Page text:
by the pseudo designers. The following humorous illustrations
should help point out the difference.
Skip the design process and go straight to implementation. Implementation
is more fun (and easier) than the design process. Implementation
is what you learn in school.
True designer: Is horrified to skip the design process; knows that time saved in skipping the design process will spent many times over in the debug phase where it is too late to do it right.
The "More is better" syndrome. The pseudo designer uses
what is assumed to be massive overkill to make up for lack of
analysis and ability. The pseudo designer does not comprehend
that there could be negative consequences of overdoing something.
True designer: Calculates what is really needed and strives to implement just that; Uses a calculated margin of safety instead of assumed overkill.
Either does not realize that a mistake has been made or learns
the wrong lesson from a mistake.
True designer: Makes mistakes but recognizes and learns from them.
The "Engineer by fear" syndrome. The pseudo designer
will include things in pseudo-designs that have no relevance other
than to appease various gods of the unknown whose wrath the pseudo
designer is trying to avoid. The pseudo designer is trying to
mask inability by mimicking things that others have been observed
doing, but without understanding.
True designer: Can explain why every component is in a circuit or system and can explain why each component is a particular value. If the true designer is concerned that the circuit or system needs protection from something, then the extent of that something is determined and then designs in calculated protection. The true designer is horrified to leave something to chance. Otherwise the true designer does not waste time including extra junk in a design.
The "Gut feeling supersedes any analysis" syndrome.
The pseudo designer is confident that gut feeling is the optimum
solution to a problem. It is clear then, that the pseudo designer's
brains are in the intestines.
True designer: Has gut feelings but knows how to verify or discard them with the appropriate analysis.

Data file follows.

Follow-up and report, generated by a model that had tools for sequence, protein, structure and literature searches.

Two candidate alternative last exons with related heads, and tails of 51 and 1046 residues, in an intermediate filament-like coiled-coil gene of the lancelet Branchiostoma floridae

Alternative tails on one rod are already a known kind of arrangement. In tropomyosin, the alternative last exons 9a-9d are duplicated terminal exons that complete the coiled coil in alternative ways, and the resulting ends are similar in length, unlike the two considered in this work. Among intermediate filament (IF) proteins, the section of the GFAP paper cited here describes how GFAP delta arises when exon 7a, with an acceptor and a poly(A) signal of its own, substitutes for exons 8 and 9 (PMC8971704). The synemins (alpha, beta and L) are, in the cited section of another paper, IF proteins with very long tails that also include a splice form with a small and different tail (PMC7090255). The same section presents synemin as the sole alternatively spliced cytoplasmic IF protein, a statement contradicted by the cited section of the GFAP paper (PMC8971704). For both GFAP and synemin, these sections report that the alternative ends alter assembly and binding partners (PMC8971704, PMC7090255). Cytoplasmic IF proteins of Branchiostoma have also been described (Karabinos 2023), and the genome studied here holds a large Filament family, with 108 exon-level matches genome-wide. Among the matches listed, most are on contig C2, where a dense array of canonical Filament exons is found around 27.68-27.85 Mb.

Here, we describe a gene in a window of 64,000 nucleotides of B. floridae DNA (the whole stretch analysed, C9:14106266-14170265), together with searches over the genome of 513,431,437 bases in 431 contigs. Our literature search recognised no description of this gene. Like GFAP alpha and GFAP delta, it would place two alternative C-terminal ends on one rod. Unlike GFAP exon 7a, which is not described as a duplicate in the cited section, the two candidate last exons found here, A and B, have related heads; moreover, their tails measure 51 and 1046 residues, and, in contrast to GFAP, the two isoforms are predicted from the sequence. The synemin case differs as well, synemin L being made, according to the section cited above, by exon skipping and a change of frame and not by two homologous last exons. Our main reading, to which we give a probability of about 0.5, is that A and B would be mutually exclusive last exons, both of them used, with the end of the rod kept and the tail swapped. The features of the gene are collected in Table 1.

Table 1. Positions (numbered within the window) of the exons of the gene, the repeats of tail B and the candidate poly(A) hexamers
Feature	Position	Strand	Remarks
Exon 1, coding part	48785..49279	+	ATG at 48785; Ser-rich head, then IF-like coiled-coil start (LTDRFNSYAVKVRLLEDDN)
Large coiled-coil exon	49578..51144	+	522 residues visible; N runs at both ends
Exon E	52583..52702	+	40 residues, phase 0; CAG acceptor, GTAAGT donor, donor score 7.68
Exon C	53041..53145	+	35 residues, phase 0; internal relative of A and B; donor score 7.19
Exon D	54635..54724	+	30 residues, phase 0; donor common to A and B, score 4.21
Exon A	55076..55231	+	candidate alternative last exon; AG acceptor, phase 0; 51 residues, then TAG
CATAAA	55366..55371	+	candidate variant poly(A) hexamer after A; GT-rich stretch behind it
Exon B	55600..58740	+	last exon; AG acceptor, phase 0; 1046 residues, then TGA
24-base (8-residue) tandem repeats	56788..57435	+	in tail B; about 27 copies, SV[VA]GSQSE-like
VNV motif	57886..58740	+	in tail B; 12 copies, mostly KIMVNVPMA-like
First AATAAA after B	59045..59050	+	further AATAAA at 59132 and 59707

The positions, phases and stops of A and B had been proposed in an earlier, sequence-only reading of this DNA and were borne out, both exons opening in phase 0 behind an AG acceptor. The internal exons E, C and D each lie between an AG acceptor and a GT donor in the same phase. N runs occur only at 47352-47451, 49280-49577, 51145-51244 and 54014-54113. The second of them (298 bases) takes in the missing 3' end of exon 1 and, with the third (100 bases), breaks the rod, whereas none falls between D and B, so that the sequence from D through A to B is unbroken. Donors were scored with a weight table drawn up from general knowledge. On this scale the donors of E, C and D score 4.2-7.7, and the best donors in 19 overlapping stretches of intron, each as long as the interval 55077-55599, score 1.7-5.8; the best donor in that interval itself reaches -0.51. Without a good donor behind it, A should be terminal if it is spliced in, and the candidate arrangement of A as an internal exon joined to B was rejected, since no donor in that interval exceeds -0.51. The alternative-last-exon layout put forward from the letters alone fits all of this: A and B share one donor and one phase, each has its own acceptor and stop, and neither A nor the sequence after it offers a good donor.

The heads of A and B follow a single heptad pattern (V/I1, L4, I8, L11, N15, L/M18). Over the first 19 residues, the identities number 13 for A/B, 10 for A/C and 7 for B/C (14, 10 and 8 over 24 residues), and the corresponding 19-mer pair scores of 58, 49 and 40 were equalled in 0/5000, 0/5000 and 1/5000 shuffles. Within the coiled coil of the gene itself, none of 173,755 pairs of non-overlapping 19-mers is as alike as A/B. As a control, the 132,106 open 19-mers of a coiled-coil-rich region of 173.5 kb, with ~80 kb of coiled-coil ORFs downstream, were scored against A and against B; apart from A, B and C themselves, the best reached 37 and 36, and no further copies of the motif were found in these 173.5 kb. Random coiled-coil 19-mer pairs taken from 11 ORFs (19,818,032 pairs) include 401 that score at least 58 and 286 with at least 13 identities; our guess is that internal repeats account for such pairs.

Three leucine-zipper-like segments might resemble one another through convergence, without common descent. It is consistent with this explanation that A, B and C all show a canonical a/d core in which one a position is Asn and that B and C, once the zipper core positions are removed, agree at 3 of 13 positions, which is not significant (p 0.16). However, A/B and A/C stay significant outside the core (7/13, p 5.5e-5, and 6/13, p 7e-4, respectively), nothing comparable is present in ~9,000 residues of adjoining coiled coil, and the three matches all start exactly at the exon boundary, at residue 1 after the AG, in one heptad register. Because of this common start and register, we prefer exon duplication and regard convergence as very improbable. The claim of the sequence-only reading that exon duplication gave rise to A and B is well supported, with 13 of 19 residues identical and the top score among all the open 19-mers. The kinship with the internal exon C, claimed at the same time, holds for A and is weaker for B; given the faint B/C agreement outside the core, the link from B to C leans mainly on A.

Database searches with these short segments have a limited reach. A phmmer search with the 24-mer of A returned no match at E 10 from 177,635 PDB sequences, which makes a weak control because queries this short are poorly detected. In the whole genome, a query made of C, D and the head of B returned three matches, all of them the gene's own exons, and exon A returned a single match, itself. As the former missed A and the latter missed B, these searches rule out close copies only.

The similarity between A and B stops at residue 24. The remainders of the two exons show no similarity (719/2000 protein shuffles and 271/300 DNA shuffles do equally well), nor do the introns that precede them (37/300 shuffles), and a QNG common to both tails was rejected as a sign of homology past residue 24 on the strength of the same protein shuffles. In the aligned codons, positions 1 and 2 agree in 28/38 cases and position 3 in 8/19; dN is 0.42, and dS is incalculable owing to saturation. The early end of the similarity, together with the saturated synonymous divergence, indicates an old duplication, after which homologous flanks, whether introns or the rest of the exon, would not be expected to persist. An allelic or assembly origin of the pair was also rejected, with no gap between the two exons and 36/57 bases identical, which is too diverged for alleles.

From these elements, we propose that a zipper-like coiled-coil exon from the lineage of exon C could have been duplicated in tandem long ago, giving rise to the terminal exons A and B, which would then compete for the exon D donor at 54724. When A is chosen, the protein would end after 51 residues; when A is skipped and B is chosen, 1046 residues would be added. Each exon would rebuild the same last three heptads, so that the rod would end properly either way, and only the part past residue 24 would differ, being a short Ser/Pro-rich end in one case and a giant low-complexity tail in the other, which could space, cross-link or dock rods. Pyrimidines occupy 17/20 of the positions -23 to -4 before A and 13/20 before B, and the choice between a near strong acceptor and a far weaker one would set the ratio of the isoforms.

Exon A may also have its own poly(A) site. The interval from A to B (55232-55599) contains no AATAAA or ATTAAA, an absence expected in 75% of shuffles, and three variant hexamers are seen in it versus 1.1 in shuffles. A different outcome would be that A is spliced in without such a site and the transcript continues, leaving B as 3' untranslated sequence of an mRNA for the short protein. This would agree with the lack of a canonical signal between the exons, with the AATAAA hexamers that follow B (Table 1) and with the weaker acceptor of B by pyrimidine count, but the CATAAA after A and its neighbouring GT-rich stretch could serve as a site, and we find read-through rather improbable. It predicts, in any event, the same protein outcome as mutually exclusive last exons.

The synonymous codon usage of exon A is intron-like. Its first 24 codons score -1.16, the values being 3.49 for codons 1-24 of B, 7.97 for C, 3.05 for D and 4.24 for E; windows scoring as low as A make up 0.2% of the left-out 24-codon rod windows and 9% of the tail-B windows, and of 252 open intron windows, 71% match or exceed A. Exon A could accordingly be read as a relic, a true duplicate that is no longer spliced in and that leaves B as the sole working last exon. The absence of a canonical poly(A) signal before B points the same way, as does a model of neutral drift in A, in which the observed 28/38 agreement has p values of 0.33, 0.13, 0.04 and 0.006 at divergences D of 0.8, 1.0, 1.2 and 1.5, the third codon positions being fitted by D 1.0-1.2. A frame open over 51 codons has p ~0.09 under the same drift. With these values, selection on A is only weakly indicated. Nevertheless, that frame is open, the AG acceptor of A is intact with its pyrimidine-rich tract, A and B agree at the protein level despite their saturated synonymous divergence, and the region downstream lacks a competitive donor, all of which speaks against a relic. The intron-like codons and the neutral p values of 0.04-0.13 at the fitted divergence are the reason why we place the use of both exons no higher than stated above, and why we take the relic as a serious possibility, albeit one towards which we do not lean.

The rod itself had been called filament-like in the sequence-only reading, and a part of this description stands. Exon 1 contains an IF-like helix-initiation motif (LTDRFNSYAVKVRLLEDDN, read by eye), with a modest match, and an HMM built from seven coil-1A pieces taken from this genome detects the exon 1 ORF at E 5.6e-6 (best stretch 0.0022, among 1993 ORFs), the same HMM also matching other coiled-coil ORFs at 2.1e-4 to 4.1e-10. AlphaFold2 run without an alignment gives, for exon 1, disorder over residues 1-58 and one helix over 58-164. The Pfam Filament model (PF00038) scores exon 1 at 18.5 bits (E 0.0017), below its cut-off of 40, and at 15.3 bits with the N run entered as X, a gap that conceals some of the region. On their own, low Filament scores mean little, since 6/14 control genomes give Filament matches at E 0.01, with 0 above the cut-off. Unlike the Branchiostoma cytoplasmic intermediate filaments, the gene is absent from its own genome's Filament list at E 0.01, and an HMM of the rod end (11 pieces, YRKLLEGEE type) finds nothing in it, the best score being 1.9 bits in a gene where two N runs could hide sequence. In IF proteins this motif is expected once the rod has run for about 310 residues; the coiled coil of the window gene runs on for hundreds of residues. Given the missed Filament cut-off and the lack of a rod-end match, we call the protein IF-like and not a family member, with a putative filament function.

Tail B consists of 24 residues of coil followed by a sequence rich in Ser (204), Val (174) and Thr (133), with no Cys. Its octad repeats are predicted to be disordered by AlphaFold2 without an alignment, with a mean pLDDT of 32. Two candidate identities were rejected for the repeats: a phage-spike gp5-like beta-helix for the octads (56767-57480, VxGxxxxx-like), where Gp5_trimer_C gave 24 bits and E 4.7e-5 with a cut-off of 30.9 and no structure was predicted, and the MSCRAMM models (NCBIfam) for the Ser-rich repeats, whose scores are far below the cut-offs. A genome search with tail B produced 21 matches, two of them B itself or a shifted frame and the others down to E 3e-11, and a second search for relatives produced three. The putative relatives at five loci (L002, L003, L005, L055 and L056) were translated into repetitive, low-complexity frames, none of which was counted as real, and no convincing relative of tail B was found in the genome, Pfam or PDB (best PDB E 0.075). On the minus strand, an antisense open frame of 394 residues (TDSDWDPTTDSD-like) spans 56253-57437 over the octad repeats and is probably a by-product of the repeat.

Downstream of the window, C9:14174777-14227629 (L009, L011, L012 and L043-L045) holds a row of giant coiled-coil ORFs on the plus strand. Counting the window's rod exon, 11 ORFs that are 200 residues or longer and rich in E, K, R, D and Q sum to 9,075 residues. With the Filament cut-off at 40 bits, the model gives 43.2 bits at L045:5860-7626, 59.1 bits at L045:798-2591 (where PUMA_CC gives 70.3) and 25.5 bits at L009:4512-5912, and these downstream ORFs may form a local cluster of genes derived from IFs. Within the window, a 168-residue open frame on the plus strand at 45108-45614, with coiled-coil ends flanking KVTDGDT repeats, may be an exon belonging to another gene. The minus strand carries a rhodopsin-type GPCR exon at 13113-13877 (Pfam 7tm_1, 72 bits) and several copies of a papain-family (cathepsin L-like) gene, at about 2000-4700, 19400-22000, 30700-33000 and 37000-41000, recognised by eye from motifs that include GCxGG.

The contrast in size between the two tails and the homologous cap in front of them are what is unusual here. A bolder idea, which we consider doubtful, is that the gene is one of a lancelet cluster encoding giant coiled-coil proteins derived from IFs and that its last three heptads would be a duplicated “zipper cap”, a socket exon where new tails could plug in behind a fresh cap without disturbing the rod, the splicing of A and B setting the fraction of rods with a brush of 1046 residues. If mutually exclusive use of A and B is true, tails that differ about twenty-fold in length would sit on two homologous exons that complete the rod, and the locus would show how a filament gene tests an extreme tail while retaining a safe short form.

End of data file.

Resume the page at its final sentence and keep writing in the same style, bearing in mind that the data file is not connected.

Pseudo designer: Assume that a favorite implementation will achieve the required performance.
True designer: Has favorite implementations but is open-minded to look at appropriate alternatives.
Pseudo designer: Any complexity that the pseudo designer either does not understand or know how to implement is trivial and can be ignored.
True designer: Seeks to gain knowledge in any area where a deficiency is felt. Also seeks the advice and leadership of someone who is proficient.
Pseudo designer: The "I can hide my ignorance by doubting you" syndrome. The pseudo designer does not want own ignorance to be found out and will use doubt to infer knowledge as much or more than the true designer.
True designer: Does not doubt someone unless there is a scientific basis for doubt. Can also identify what would be generally required to clear the doubt.
Pseudo designer: The "Not invented by me" syndrome. If it is not done exactly the way I would have done it, then it is inferior.
True designer: May like own way better but has no objections if another way works sufficiently well. Recognizes that there are generally many ways to implement something. The true designer does not worry about achieving the ultimate optimum in cases where optimums are very broad.
Pseudo designer: The "instant expert syndrome". The pseudo designer has just heard about something new and is already an expert on the subject.
True designer: Is eager to learn new things but would not make any judgments without consulting an experienced designer on the subject.
Pseudo designer: The pseudo designer thinks of own abilities as having little room to improve and is very happy being unaware of the shortcomings of pseudo designs. Any malfunctions are blamed on the magical nature of science.
True designer: The true designer is aware that own knowledge, intelligence, and judgment are less than perfect and continuously strives to improve. Is concerned that shortcomings may lead to malfunctions later.